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Have You Heard of AMY?

This is an old news item originally posted at Digital Hippos, now included here for the purposes of portfolio building. AMY has since been released and seemingly disappointed everyone. Too bad.

I opened my inbox this morning to find some screenshots for AMY, a new survival-horror game coming to PSN in June. Why am I reporting this? Why should you care? Fans of niche survival-horror titles that revel in creating fear through disempowering the player might want to read on…. Continue reading

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For the Love of the Games: Three Reasons you Should Play Majin and the Forsaken Kingdom

Well, here we are again. I’m relaxing in front of the hearth, enjoying a glass of brandy with my ever faithful manservant, Theodore Skeffingtonson, and my only temporarily faithful canine, Santos.

And if I’m drinking brandy with my dog and butler/chauffeur/housekeeper/dog-walker/tailor/cobbler in front of a roaring fire, then that can only mean one thing: it’s time for another For the Love of the Games, the monthly column in which I BEG you ON MY HANDS AND KNEES to play a certain obscure, mediocre-but-full-of-great-ideas, or just plain bad game.


Literacy, my dear Skeffingtonson!

This week we’re not talking bad games. We’re not even talking kinda, sorta bad games. We’re not even talking old games — in fact, you may remember hearing of this game in the last couple years. This week we’re talking a game that I love, a game that didn’t get much play, a game that was marked down from $60 to $40 on the day it released, a game that was sent to die amid the bigger, beefier Q4 releases of 2010. This week we’re talkin’…

Majin and the Forsaken Kingdom!

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My Top 5 Games of 2011

There’s no denying that 2011 was a big year in games. Every year’s holiday season seems to be better than the last, and 2011 was no exception. Unfortunately, that also means there were a ton of games I couldn’t get to. Bastion, The Witcher 2, Anno 2070, Uncharted 3, Too the Moon — these and so many others are games that would have probably been strong contenders for this list. Alas, I either never got to them or I’m just getting to them now (as is the case with Bastion, which is a fucking delight).

So with that small caveat out of the way, here are my Top Five Games of 2011. Continue reading

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For the Love of the Games: Three Reasons you Should Play Vampire: The Masquerade – Bloodlines

There once was a developer called Troika. Created from the spirit of old Interplay by three prominent Fallout designers (Tim Cain, Leonard Boyarsky and Jason Anderson), they went on to make three of the most technically troubled but brilliantly designed RPGs of the early ‘00s: Arcanum: Of Steamworks and Magick Obscura, The Temple of Elemental Evil and Vampire: The Masquerade – Bloodlines.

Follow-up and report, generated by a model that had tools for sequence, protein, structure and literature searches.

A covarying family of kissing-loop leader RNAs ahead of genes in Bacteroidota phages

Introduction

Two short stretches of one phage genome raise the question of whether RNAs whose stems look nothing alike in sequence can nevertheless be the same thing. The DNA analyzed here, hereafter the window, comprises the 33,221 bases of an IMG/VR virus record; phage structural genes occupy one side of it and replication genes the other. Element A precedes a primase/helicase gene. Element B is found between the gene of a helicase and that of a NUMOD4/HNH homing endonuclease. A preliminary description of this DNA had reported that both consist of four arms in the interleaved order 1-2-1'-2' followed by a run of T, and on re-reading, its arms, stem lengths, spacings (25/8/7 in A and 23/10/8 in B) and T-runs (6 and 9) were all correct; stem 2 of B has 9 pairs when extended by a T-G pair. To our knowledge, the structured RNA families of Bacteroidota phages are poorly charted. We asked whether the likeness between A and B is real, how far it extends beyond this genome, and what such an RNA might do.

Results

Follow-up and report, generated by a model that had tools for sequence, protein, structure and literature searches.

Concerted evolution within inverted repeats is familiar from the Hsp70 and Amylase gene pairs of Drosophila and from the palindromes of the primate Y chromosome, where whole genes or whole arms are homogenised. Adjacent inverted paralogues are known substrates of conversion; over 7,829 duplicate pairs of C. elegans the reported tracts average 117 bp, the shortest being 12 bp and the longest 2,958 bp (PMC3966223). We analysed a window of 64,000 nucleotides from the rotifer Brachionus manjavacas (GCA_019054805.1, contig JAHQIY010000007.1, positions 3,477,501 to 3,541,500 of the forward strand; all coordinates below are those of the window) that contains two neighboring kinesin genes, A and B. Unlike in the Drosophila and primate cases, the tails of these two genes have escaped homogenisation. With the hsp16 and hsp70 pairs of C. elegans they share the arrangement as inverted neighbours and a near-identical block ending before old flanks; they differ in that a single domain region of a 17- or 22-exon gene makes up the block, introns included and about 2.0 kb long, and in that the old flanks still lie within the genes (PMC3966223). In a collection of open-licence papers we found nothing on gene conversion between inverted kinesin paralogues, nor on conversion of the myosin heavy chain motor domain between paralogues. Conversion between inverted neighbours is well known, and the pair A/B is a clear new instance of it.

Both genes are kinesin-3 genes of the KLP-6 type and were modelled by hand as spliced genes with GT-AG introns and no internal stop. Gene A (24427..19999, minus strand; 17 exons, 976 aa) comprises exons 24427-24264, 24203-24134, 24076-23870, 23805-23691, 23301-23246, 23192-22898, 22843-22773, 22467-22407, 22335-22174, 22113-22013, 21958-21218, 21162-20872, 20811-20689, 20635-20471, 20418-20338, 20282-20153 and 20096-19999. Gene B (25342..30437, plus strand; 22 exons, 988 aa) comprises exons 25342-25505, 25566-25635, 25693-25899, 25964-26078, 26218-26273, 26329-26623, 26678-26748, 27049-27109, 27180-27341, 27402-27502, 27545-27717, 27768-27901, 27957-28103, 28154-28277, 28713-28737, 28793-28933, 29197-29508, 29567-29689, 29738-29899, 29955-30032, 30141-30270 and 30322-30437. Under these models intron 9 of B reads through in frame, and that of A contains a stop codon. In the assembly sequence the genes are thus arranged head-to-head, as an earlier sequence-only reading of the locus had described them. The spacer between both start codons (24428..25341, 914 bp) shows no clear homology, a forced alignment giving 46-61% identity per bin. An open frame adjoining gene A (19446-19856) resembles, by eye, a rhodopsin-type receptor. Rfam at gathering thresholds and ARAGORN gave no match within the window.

And also they were SOVIET SUPERMEN!

Seeing as we’re just on the heels of the release of a certain major Vampire-themed romance movie/Mormon propaganda piece, I think it’s only fitting we discuss the latter of those three games in this month’s For the Love of the Games, the monthly column in which I advise — nay — implore you to play a certain overlooked, forgotten, or (on occasion, as is my wont) just plain bad game.

But first, some (more) history: Vampire: The Masquerade – Bloodlines is a PC RPG set in White Wolf’s World of Darkness, an old-timey analog (aka pen-and-paper) RPG system wherein vampires, werewolves, spirits and other monsters vie for power. As a freshly-sired vampire of your making, you have to navigate the murky waters of LA’s vampire underworld as various factions compete for possession of a recently unearthed sarcophagus that may spell doom for vampire kind. Really serious stuff.

You also do the day-to-day stuff, which is way interesting when you’re a vampire.

Bloodlines is notable for being one half stellar RPG following the tragically discarded Deus Ex formula, and one half boring, punishing hack-and-slasher bristling with glitches and pacing issues. And those would be the first and second halves of the game, respectively. Hey, at least the good half is first, so you could just play that and look up the multiple endings on YouTube if you really want.

But I’m not here to tell you why not to play the game. (Or, in this case, how to play some of the game and avoid the rest of it….) Just the opposite, in fact. Let’s begin with something any nerd born after 1990 probably doesn’t remember. Continue reading

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Review: Spelunker HD

The brave spelunker, the Red Guy, descends into the bowels of the deep seeking adventure and fortune. He leaps from the lift and plummets about six feet to his death.

The brave spelunker, the Red Guy, descends into the bowels of the deep seeking adventure and fortune. He brings the lift lower this time and leaps to the nearby ledge, where treasures await. He narrowly dodges the jets of flame firing from the ceiling of the tunnel, sets a bomb to clear a rock blocking his path, steps back several feet and still dies in the blast, flesh singed from his bones (even though he was clearly outside of the bomb’s visible blast radius). Continue reading